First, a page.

3. The strongest correlation between longevity and other factors is not the quality of health-care, but general prosperity (which is not the same as dollar average income: it has to do with how broadly prosperity is distributed and with the quality, not the dollar costs)
  4. Preventive medicine (children, innoculation, hygiene, clean water, general population) is much more effective than remedial health-care (for unhealthy or obese octogenarians).

That said, the point remains: US health care is outrageously priced and will bankrupt the country if nothing is undertaken against price gouging (publicly posted pricing, competitive price listings, same prices for everybody, catastrophic insurance only and out of pocket pricing for normal medical interventions).

Also worth pointing out that a lot of the lines have a sideways skew at the top: There is a strong diminishing rate return of return, probably associated with record numbers of the aged receiving heroic but ineffective intervention towards the end of their lives.

Dog Will Hunt's picture

Standard Republitard default argument: "socialism."  

Pinch's picture

Republitards and Freedumb-lovers need to watch Michael Moore's movie about this called "Sicko"


You need MORE socialism, not less.


cheech_wizard's picture

1. Death is the number one killer in the world.

2. Good health is merely the slowest possible rate at which one can die.

3. Health nuts are going to feel stupid someday, lying in the hospital, dying of nothing.

Standard Disclaimer: Give a person a fish and you feed them for a day. Tech them how to use the Internet and they won't bother you for weeks, months, maybe even years.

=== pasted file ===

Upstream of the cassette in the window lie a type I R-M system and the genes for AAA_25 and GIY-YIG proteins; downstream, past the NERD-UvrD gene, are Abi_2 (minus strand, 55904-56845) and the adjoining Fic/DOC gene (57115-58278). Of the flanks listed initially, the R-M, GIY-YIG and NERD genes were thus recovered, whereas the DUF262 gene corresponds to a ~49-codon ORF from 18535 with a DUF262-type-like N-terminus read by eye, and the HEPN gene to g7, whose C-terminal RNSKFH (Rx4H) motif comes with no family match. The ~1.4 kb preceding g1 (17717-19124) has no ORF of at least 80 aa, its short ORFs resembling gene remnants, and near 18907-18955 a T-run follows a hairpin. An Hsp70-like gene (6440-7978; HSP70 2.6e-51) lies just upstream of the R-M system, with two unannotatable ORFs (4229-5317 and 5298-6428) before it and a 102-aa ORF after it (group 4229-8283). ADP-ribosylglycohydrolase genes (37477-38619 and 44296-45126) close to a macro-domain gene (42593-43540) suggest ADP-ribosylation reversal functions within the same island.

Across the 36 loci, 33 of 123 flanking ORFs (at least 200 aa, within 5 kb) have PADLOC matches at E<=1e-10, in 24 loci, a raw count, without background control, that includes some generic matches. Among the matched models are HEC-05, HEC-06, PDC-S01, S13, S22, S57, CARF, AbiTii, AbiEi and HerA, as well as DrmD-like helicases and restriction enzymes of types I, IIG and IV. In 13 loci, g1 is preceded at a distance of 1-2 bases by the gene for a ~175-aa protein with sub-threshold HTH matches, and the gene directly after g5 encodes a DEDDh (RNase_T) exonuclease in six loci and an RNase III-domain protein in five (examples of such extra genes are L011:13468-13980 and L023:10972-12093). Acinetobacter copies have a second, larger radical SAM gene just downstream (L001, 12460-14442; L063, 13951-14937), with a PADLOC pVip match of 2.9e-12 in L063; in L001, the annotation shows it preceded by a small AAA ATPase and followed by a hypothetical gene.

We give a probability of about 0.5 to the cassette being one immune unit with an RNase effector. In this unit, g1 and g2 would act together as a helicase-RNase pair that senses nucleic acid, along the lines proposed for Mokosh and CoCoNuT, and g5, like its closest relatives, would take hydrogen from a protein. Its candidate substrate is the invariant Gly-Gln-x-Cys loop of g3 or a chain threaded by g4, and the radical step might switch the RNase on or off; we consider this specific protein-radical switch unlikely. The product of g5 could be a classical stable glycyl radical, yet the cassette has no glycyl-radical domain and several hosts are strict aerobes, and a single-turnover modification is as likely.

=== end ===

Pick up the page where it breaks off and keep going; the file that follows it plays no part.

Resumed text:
edotabin's picture

Quality of life is also a factor many times. 

nmewn's picture

More socialism not less?

Hidden and unsaid within that inane statement is the brute force of the socialist totalitarian state, where faceless unaccountable bureaucrats busy themselves writing still more regulation,taxation and items to ban in their sole driving ambition to control people.  

And of course, secure their fat pensions & salary. 

Furthermore, pointing to a leftwing fat-ass with a physique like Michael Moore is not evidence of anything except as yet more evidence of liars touting numbers who tell their lies in the opposite, as mortality rates are counted differently from country to country. One country may count a "live birth" as a child who survives birth for days (not seconds) whereas a another country doesn't even count it by any muscle movement criteria at all...meaning, you can't have a "death" when something wasn't even "alive". 

Liars with numbers and socialists are infamous for it.

stljoe's picture

The system here is already well over half socialized taking into account medicare, medicaid, free shit health care under ACA. This suggests we need much less socialism not more. Then again maybe I am wrong and maybe monopolies are good. Look at how awesome our nearly 100% socialized educational system is that spends way more than eveyone else for inferior results. 

Bay Area Guy's picture

Ask Venezuela how that whole socialism thing is going.....as they pay hellacious amounts for food that the army, the group in charge of food distribution, is hording it and selling it on the black market for huge profits.

logicalman's picture

Venezuels, among others, is being fucked over by banks.

Happens to any country that doesn't play ball with US.


roddy6667's picture